Garden Design Trends 2012

Cleve West's winning design for Chelsea Flower Show

Each New Year, the internet is abuzz with it the inevitable horde of prophets and trend-watchers, confidently predicting the themes of the year. Of course, there is absolutely no accountability for these supposed experts because once the buzz of the New Year fades, the predictions are forgotten. I may be one of the few people on the planet who actually loves New Year prognostications. Finding meta-themes from the sea of quotidian activities appeals to my philosophic bent; for me, it is a puzzle game: I love the thrill of finding a pattern among scattered pieces.

So it is with great delight that I present to you my attempt at New Year trend-spotting. This year, my trends focus on trends in garden design (it’s best to stick to what I know, right?). For the last few weeks, I have spent time contemplating great gardens designed in the last year. What was it about these spaces that captured the zeitgeist? What about them moved me? What aspects of them will likely be replicated?

1. The New Romanticism: Garden design in 2012 will mark a return to romanticism. For the last decade, the focus on sustainable gardens has brought a decidedly rationalistic overlay to garden design. After all, the focus on sustainable techniques such as stormwater, native species, and xeriscaping has emphasized scientific and ecological processes. In addition, modernism has been a big theme in garden design over the last decade, bringing with it a focus on functionalistic design. While I expect sustainable and modernistic designs to continue, new gardens will be less cerebral and more emotional and spiritual bent. Expect to see a revival of all sorts of old, classical garden styles such as cottage gardening, French and Italian formal gardens, and even medieval gardens updated with a modern twist. Romanticism is all about nostalgia, escape, and the rich world of the imagination, ideas that are powerfully effective during times of transition. Expect to see gardens that explore fantasy, whimsy, and spontaneity within a framework of familiar garden forms.

Cleve West’s winning design for The Daily Telegraph Garden at last year’s Chelsea Flower Show is a perfect example of neo-romanticism. His sunken garden used terra-cotta columns that evoked Roman ruins. His plantings were both modern and old-world as he relied on a palette of self-seeding plants that emphasize change. The rich overlay of classical ruins in this strongly contemporary garden hinted at a world beyond, a lost history that provides a moment of escape and fantasy that make the garden delightful.

Left, design by Wirtz International; Center, Piet Oudolf's wave hedges; Right, Tom Stuart-Smith 
2. Creative Hedges: One kind of revivalism that is already making a comeback is hedges and topiary. Clipping shrubs has been somewhat out of style as of late, a sort of high maintenance dinosaur of a less sustainable era. But designers such as the Jacques and Peter Wirtz, Piet Oudolf, and Tom Stuart-Smith have shown the creative potential of hedges clipped in non-traditional forms. Whether it is the Wirtz’s musically inspired hornbeams, Piet Oudolf’s iconic wave hedges, or Tom Stuart-Smith’s cloud hedge, clipped shrubs offer the potential to transform a garden space. These clipped hedges are particularly effective set against a background of herbaceous plantings. Jake Hobson’s recent book, The Art of Creative Pruning (already a best seller at Timber Press), chronicles the many ways clipped shrubs can shape a garden.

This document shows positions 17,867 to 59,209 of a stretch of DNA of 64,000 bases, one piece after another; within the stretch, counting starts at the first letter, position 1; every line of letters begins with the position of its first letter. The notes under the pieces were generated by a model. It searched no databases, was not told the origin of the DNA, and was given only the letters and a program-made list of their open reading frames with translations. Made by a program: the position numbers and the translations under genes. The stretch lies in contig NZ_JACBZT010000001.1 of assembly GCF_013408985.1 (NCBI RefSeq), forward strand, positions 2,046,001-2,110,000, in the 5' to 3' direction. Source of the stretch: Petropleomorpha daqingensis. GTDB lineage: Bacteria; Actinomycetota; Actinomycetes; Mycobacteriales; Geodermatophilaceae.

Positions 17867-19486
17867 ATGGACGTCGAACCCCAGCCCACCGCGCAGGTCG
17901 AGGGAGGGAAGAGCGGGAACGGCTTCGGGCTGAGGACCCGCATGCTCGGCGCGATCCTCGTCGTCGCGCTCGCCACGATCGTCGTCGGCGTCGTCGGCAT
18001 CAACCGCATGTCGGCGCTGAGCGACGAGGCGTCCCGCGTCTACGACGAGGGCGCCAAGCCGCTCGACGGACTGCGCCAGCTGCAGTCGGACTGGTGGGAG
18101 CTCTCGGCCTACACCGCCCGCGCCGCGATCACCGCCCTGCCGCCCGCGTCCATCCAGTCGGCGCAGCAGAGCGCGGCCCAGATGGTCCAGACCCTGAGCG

3. Moody, Expressive Plantings: This year, designed plantings will be less about color or the expression of space and more about richly evoking a mood, a feeling, an atmosphere. Think about William Turner’s sea paintings or Rothko’s floating squares of colors. Plantings will focus less on some kind of formal arrangement and more on a palette of plants that communicates a feeling, or reminds one of being in some larger landscape.

For example, Tom Stuart-Smith’s 2010 Laurent Perrier garden shows how a palette of low grasses and umbellifer flowers evokes a romantic, woodland landscape. The plantings are restrained, yet they feel like the setting for a fairy-tale. Even within the confines of a few hundred square feet, Stuart-Smith’s composition manipulates our association—our memory—of a woodland grove, thus giving his design an expansive, exultant feeling.

Laurent Perrier Garden, image from
4. Artisanal Flourish: I predict this year garden design will focus more on artisanal, idiosyncratic details than super-sleek designs. This does not mean modern garden design will go out of style; rather, that even within the framework of modern gardens, the materials and details will rely more on warmer, artisanal constructions. This will be a reaction to both the glut of generic suburban gardens (sea of concrete pavers) and gleaming stainless-steel high end modern gardens that have become ubiquitous.
Artisanal detail: Reading nook by
Nelson, Byrd, Woltz Photo
by Eric Piasecki

5. Heirloom Ornamentals: Grandma’s favorites are hot again. As a reaction to the endless addition of over bred plants (really, do we need any more colored Coral Bells?), gardeners will turn once again to those plants that have withstood the test of time. Boxwoods and Yews, Lilacs and Hydrangeas, Peonies and Daylilies will all feature prominently in this year’s garden designs. Expect to see these nostalgic favorites even in sleeker, modern designs, too. Why should having a well-designed garden mean that we can’t have a few sentimental favorites? I’ve already noticed more niche nurseries in the mid-Atlantic region offering heirloom boxwoods or lilacs. If people are going to spend money on a new garden, they want an emotional attachment to a specific plant. Heirlooms offer just that.
In 2012, romantic is in.  I predict a very good year for garden design.
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